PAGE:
Why Do Bookmakers Restrict Winning Sports Bettors?

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Having your betting account suspended because you’ve been winning is really annoying.

The practice occurs so often that it’s hardly a secret anymore.

But why do bookmakers limit winning betting accounts in the first place?

Read on to find out.

Traditional Sportsbooks 

A traditional sportsbook accepts winning players.

Now, there aren’t that many around, but if you were to name one online sportsbook that accepts winning players, chances are you’d pick Pinnacle.

They are famous for being a sharps’ book as they welcome +EV sports bettors – they even use it as a marketing technique:

Matthew Trenhaile does a great job explaining why this particular sportsbook accepts winning players in an article over at Medium, but here’s the gist.

Traditional books like Pinnacle require a high volume of trades.

The more money wagered, the more money they expect to make.

This makes sense.

That said, in order to get the required volume, sportsbooks must offer lower margins to be competitive.

Using Pinnacle again as the marker, their margins can be as low as 2% on popular markets.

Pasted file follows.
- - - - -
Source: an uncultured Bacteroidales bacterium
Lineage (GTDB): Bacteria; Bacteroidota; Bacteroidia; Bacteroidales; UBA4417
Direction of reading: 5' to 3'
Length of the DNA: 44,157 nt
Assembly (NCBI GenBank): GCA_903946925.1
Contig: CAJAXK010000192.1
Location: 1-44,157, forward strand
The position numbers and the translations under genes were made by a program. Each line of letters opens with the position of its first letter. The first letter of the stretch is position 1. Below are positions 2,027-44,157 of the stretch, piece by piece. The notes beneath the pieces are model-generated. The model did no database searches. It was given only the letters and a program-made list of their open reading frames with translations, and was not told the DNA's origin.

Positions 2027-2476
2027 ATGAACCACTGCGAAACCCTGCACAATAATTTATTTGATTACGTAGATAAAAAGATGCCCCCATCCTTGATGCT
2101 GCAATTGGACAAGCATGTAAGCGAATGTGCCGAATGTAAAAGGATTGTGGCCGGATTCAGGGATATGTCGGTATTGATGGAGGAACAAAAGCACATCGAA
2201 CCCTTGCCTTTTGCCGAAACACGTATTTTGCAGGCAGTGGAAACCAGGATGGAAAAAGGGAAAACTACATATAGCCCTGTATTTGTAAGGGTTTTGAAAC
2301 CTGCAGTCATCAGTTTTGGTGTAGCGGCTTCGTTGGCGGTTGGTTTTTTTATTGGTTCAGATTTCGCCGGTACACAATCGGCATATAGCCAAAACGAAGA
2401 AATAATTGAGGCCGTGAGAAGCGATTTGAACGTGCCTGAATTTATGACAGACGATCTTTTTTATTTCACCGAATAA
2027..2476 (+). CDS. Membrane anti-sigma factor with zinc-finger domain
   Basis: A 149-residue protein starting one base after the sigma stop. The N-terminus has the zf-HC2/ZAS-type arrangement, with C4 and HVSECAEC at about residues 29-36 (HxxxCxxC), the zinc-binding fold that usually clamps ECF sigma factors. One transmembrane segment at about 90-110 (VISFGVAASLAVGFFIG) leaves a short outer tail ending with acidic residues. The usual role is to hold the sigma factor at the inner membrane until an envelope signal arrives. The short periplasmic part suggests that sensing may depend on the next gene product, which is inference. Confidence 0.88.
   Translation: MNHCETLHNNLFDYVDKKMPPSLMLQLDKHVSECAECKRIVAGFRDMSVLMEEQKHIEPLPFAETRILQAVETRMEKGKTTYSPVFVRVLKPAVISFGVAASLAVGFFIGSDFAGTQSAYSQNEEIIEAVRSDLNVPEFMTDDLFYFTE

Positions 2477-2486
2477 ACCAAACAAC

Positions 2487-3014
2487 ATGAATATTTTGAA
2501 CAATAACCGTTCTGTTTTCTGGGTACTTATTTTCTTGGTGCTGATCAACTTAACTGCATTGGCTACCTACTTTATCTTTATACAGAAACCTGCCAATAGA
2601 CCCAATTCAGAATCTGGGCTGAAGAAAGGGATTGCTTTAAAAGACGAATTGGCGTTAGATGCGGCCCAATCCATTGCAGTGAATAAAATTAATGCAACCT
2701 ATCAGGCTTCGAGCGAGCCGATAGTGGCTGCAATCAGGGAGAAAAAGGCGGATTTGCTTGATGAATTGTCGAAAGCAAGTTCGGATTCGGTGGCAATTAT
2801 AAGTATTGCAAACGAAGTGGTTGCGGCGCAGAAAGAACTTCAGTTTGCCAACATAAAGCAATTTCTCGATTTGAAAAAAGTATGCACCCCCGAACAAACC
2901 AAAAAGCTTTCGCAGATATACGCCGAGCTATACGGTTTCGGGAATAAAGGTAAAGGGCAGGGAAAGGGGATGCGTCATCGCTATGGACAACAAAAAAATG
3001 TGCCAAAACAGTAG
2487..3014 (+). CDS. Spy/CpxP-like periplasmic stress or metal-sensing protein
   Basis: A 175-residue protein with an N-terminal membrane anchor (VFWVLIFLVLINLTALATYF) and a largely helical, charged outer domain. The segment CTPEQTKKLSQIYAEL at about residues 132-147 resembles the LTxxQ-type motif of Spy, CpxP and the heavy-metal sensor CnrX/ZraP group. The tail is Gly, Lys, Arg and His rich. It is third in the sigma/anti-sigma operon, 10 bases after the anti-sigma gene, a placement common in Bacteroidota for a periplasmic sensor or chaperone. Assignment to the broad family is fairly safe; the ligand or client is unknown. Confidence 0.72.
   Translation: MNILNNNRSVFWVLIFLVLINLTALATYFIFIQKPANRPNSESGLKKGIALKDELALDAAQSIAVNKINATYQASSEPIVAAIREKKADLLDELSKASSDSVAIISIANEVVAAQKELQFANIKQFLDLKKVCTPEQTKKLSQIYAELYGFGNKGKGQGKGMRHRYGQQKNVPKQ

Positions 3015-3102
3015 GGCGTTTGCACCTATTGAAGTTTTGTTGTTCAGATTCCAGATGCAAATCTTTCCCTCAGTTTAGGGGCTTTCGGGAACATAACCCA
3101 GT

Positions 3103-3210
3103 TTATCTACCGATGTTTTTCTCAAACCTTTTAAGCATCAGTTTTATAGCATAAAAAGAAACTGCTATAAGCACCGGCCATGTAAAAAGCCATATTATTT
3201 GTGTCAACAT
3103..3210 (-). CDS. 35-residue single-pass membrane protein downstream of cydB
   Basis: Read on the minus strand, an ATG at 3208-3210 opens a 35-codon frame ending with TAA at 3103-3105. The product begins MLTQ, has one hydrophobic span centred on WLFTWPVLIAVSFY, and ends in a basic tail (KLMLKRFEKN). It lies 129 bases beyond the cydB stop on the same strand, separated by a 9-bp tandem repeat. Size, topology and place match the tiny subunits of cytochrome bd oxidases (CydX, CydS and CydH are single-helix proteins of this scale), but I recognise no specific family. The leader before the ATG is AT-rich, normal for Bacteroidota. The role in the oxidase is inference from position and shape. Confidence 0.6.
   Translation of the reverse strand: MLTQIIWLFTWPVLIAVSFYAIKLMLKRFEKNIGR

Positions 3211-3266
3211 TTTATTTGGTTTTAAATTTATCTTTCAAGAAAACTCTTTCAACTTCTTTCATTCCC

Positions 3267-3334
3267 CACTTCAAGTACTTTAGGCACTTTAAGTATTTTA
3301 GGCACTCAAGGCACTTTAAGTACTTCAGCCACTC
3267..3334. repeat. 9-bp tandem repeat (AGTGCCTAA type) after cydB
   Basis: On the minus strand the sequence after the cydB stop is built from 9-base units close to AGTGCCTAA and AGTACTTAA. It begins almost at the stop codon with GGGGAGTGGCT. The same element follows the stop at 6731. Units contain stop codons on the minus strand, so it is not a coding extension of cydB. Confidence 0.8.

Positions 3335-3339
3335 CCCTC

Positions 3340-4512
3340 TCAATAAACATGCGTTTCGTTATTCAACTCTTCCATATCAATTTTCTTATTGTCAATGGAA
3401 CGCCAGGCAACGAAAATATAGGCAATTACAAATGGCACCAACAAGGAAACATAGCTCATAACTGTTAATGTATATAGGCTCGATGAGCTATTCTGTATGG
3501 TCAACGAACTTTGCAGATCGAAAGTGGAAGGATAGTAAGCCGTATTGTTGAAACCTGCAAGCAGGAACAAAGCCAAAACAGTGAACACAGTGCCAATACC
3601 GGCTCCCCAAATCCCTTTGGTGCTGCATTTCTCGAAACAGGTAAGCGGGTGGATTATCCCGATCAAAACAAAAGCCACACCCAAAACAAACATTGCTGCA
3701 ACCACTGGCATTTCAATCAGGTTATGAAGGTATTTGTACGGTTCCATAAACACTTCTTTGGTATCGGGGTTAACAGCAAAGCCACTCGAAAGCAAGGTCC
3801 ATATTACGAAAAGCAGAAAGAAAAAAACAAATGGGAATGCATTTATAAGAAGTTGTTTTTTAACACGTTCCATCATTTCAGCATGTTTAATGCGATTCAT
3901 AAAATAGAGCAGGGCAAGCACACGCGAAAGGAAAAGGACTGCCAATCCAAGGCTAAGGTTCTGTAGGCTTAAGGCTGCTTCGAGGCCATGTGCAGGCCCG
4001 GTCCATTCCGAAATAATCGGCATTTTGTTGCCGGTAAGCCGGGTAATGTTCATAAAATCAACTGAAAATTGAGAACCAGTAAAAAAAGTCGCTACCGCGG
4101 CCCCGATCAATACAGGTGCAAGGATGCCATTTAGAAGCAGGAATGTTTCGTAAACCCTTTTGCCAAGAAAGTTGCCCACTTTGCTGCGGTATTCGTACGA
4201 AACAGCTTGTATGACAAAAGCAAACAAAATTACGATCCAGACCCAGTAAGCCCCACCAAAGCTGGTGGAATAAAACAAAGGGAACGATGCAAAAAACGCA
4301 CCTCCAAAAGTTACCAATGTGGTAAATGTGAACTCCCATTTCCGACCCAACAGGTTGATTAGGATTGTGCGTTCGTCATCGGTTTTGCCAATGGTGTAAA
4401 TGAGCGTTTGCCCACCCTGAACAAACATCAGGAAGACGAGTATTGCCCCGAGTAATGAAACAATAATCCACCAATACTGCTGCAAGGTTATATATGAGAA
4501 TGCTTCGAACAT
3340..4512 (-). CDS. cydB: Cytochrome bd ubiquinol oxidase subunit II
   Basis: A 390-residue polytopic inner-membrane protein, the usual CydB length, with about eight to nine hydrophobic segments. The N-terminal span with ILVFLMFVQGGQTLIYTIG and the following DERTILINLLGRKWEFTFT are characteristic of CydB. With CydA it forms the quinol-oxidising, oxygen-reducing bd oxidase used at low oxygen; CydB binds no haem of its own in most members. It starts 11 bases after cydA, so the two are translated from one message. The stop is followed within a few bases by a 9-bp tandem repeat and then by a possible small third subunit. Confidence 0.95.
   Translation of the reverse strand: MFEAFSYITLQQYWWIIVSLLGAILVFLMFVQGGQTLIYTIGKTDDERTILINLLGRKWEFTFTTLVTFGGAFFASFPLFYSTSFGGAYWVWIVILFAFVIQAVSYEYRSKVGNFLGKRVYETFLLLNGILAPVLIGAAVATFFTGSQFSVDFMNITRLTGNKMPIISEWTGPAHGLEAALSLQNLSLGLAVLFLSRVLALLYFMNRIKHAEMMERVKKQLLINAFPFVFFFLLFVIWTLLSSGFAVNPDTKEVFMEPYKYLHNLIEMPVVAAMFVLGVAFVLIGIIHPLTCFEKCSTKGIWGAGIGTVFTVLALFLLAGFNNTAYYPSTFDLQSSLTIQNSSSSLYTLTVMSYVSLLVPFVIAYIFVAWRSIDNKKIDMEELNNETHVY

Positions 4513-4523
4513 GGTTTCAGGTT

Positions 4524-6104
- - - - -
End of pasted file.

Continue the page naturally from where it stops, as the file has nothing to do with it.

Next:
For example, on the NFL:

Bet TypeIndustry Average MarginPinnacle Margin
Spread betting5%2.5%
Moneyline betting5%2.5%
Totals betting5%2.5%

This means that they must have very accurate lines.

If not, sharps will pick them off one by one.

Pinnacle is also very confident in its odds having spent a lot of money data modelling.

As such, it doesn’t make sense for them to turn away sharps and big bettors as they ensure their lines are efficient, keeping the overall proportion of +EV bettors down to the minimum.

Such books may even use winning bettors as ‘consultants’ to keep their lines 

But what about other bookmakers?

Well, they aren’t so confident, which brings us to…

Recreational Sportsbooks

Recreational sportsbooks are those that cater towards lower-staking sports bettors.

The bet sizes at recreational books are a lot smaller as a collective compared to traditional books.

This is down to two reasons:

  1. Traditional sportsbooks offer larger limits on the most popular markets;
  2. Recreational sportsbooks refuse bets from the biggest winners.

They’re known as “recreational” as they only see betting as a source of entertainment, rather than as an investment vehicle or a means to make a professional career from sports betting.

Apparently, this is more than enough to satisfy their appetite.

These sportsbooks don’t put anywhere near as much time and money into their data modelling to create efficient lines; they choose to focus their resources on marketing and bonuses instead.

Now, here’s something really important to make a note of:

While traditional books have better prices and lower margins, that doesn't strictly mean they are easier to beat.

It’s actually easier to find value in the betting lines set by recreational sportsbooks.

This can be for several reasons, including purposeless creating value to attract new customers and to show that they have the best prices in the industry.

Here’s the problem:

They will do all they can to prevent you from winning if you exploit this too often for their liking.